In Washington, the Office of Financial Management estimated that 272,900 people lost insurance between March 15 and April 18, increasing the uninsured rate to more than 10 percent of the population. And this is in a state that cares about people’s health.
Nationally, about half of those who lost insurance are eligible for Medicaid or the Children’s Health Insurance Program; about one-third are eligible for subsidized plans under the Affordable Care Act. But, according to the Kaiser Family Foundation, the rest are out of luck because they live in a state that did not expand Medicaid under the Affordable Care Act (Washington and other “blue” states expanded it), and because they are ineligible for other subsidized programs.
So, at a time when we most need health care, fewer people have access to it. That is not an effective path for keeping the virus in check.
It didn’t have to be this way, and the story of employer-based health insurance is one of unintended consequences tracing back to World War II. As The New York Times explains, “With so many eligible workers diverted to military service, the nation was facing a severe labor shortage. Economists feared that businesses would keep raising salaries to compete for workers, and that inflation would spiral out of control as the country came out of the Depression.”
So, President Franklin D. Roosevelt issued Executive Order 9250, which established the Office of Economic Stabilization and froze wages. With businesses unable to offer higher pay to attract workers, they started offering benefits.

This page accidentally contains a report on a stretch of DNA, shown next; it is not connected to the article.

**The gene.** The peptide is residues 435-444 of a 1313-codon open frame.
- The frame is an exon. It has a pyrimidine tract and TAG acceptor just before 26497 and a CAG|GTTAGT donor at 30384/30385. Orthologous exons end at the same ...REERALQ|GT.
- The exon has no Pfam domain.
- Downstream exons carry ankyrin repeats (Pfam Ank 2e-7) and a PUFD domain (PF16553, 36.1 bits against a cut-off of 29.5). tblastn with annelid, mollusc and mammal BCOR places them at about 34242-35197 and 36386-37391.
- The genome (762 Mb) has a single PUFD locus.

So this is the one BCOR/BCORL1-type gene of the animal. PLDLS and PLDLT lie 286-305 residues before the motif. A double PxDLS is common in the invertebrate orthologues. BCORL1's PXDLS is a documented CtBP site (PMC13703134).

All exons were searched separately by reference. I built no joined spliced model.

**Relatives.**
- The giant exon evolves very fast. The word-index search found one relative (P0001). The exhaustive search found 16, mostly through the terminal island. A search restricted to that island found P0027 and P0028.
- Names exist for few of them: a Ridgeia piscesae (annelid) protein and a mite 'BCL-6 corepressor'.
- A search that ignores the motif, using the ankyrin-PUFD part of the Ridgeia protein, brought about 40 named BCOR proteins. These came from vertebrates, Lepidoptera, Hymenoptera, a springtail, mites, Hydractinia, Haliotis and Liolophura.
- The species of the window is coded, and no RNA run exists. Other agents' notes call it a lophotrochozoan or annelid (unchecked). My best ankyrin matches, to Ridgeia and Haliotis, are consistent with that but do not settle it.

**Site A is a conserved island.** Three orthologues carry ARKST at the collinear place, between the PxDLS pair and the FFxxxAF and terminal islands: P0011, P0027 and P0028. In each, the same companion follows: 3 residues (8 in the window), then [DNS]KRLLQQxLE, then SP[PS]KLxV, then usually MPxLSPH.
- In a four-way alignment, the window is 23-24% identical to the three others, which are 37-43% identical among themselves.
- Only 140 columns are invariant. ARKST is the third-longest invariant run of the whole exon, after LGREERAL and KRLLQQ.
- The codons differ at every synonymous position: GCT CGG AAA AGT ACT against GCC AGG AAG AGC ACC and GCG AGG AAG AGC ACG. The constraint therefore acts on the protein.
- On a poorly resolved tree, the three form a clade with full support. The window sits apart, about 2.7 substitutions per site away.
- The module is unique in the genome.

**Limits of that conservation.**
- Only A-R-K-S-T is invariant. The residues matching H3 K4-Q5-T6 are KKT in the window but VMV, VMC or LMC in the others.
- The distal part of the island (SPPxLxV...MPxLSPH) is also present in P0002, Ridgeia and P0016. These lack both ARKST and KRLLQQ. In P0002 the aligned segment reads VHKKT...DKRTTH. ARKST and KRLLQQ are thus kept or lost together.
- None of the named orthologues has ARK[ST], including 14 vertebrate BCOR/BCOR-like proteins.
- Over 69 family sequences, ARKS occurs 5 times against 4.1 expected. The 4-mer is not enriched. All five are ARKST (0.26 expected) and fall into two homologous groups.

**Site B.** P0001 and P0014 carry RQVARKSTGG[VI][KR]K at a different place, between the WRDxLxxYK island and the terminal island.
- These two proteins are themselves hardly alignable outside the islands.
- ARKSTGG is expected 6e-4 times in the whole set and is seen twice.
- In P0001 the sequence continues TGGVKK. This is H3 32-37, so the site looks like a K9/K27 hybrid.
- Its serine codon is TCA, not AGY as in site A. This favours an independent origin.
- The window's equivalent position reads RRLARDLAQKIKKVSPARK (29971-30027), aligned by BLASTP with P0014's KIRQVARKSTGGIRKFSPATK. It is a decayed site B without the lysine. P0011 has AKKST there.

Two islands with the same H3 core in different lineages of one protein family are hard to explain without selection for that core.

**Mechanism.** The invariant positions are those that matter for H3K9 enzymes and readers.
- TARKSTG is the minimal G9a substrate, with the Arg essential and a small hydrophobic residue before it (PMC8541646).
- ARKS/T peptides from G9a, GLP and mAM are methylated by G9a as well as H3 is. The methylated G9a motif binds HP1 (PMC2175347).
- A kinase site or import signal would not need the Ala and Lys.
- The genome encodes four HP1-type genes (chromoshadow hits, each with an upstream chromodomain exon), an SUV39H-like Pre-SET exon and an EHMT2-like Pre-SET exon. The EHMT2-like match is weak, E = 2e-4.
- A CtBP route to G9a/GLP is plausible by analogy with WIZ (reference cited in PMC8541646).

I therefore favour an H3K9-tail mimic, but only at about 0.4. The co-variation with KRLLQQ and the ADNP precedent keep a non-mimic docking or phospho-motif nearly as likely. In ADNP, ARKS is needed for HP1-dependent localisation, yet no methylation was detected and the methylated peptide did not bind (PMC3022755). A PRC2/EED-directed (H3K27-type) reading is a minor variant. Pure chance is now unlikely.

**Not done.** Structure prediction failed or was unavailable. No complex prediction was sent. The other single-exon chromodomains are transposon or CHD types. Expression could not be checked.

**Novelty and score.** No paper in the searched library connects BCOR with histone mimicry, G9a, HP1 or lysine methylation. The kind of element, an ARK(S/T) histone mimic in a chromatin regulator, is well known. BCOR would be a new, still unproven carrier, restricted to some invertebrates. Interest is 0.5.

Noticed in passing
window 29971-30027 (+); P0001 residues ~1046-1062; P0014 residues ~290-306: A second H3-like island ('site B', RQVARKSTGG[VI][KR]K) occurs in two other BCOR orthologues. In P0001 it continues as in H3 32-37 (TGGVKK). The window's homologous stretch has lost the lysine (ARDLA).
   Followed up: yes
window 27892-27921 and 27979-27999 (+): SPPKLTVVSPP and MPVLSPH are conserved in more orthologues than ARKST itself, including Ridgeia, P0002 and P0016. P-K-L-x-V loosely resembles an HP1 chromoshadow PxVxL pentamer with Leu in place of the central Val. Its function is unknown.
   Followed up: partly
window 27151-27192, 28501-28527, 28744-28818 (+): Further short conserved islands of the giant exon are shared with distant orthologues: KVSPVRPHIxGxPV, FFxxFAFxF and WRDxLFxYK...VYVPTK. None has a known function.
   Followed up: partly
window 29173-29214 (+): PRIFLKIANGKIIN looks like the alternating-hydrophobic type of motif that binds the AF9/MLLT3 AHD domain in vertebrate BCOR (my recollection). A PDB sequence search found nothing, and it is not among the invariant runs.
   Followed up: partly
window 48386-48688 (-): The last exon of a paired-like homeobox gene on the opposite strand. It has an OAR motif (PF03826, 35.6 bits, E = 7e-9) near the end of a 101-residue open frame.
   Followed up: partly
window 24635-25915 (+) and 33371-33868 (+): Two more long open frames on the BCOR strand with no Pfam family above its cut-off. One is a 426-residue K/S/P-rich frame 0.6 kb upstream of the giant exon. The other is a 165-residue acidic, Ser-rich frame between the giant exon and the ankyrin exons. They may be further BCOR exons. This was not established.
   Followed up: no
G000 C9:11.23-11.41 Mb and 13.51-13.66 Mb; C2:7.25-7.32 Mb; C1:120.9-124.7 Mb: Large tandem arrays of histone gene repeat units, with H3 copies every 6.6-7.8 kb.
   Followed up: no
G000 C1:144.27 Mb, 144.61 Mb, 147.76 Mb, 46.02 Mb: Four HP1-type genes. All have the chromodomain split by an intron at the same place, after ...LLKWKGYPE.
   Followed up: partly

Some might argue that our convoluted health care system is the result of government interfering with the free market by freezing wages. They would be right. But that does not absolve us of fixing the mess. And it doesn’t absolve Congress and the Trump administration from their duty.
Instead, the White House argued again last week in favor of overturning the Affordable Care Act. A brief filed by the administration in support of a lawsuit against Obamacare “manages to be both mind-numbingly dumb and completely terrifying,” health care expert Christen Linke Young of the Brookings Institution tweeted.
Which means it meshes with Republicans’ traditional approach to health care. As Michael Hiltzik writes for The Los Angeles Times, “The party doesn’t see health as a communal good, but merely something to be endowed upon those who can afford it; all others be damned.”
Whether or not you agree with that philosophy, it seems that trying to eliminate health insurance for 23 million Americans in the middle of a pandemic is particularly callous. And it seems that there are better ways for cultivating the communal good that is health care.